As he did in the first quarter, Morant led all rookies in scoring (17.4 points per game) and assists (7.4) during the second. He’s shooting 56.7 percent inside the arc since the start of December—a 10 percent increase from the start of the season, and an eye-popping number for a guard—including 62.4 percent inside the restricted area. During that same span, according to pbpstats.com, he’s 18th in “Moreyball” assists—passes leading to buckets at the rim or from beyond the 3-point arc—which is miles ahead of the next-closest rookie (Darius Garland of the Cavs, in 44th place).
Morant has been the engine of a Memphis offense that has ranked among the 10 most efficient units in the past six weeks, propelling the Grizzlies—a team widely expected to contend more for the no. 1 pick than the postseason—toward an unlikely playoff berth and earning himself some high praise from a Hall of Famer:
That any projection system would have the Grizz with nearly a 20 percent chance at making the eighth seed at the halfway mark would’ve been unthinkable in September. What we’re learning, though, is that Ja Morant is capable of some pretty unthinkable shit. You should be watching him do it … and then, maybe, telling some mofos about him.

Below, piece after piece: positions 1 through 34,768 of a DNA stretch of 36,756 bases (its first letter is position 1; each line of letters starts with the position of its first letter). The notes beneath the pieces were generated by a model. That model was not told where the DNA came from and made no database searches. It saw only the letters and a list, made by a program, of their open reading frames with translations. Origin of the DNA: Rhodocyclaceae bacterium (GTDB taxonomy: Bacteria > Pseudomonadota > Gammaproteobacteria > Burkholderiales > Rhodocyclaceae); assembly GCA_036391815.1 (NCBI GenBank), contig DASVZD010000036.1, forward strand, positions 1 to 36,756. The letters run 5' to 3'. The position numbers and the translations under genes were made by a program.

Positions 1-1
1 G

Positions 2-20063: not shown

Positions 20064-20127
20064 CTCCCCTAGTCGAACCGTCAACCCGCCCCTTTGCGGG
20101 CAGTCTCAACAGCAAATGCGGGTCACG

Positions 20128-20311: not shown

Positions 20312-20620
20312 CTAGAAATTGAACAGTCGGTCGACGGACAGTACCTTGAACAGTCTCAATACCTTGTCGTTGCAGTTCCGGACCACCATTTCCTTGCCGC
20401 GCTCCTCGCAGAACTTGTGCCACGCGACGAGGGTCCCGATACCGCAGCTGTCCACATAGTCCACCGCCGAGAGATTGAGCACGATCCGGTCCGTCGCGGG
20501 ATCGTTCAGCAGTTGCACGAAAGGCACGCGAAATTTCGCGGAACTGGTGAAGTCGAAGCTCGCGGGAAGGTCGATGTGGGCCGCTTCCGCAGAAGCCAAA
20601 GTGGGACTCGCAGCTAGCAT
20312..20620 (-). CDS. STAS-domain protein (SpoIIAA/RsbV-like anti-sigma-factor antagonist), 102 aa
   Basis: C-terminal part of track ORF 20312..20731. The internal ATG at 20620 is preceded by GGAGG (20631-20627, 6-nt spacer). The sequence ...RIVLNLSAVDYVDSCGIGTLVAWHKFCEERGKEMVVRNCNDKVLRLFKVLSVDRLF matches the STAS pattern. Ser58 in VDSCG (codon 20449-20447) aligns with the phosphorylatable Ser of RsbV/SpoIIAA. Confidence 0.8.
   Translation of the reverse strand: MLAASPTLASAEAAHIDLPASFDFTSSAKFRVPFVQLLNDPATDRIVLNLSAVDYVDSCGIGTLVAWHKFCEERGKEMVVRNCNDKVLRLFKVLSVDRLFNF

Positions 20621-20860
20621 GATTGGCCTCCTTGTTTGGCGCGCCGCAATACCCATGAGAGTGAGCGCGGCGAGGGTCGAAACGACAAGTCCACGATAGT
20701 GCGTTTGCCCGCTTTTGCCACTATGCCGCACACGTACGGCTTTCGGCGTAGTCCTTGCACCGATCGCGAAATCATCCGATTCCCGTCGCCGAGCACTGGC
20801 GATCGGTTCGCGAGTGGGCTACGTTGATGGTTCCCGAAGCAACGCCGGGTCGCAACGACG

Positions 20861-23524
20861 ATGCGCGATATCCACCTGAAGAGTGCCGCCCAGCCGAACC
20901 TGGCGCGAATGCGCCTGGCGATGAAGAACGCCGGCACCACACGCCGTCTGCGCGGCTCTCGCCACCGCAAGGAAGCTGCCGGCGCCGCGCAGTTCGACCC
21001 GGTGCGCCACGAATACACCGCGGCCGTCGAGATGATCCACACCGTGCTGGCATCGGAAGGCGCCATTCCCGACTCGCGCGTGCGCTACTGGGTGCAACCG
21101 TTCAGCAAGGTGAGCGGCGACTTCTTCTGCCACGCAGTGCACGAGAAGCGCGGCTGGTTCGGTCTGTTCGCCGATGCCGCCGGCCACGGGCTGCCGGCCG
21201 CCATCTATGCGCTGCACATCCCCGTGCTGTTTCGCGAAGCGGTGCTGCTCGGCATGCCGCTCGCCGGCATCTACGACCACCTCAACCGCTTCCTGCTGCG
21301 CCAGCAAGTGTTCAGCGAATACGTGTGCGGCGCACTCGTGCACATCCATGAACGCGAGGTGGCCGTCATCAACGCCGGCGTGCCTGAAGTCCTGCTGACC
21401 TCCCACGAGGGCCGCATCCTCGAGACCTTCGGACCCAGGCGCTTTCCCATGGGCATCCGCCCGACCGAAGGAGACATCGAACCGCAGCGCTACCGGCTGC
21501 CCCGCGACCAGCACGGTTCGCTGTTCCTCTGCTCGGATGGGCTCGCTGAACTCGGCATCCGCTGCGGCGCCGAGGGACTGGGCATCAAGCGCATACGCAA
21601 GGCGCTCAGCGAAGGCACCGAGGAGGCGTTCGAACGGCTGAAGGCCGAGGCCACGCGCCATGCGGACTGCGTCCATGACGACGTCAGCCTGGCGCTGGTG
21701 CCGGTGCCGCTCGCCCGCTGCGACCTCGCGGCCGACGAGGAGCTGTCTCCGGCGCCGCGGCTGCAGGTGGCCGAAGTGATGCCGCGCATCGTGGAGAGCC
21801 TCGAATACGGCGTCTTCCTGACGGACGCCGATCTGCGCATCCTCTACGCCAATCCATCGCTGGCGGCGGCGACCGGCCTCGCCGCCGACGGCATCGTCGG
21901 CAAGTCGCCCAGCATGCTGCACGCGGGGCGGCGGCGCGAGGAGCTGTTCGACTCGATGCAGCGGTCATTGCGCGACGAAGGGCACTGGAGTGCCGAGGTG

Also receiving theoretical votes in my brain: Michael Porter Jr., Kendrick Nunn, Brandon Clarke, Grant Williams, Terence Davis, Matisse Thybulle, Jaxson Hayes, Sekou Doumbouya (it’s been only eight games, but they’ve been eight pretty impressive games!)
Speaking of Grizzlies we should be telling people about …
Reserve of the Quarter: De’Anthony Melton, Grizzlies
Through the first six or so weeks of the season, Melton—a second-round draft pick of the Rockets in 2018 who was shipped to Phoenix before his rookie season, then traded to Memphis with a pair of second-round picks so the Suns could jettison disappointing former top-five pick Josh Jackson—had logged 11 DNPs and topped 10 minutes of floor time just twice. Before December, Memphis’s bench was getting blitzed by nearly five points per 100 possessions of floor time, one of the worst marks in the league. At the start of the month, though, first-year head coach Taylor Jenkins inserted the 21-year-old guard into the Grizzlies’ rotation. And as I recently wrote, the results have been unbelievable: Memphis now boasts one of the best benches in the league, with the 6-foot-2, 200-pound, defense-first 2-guard emerging as the most important piece in that puzzle.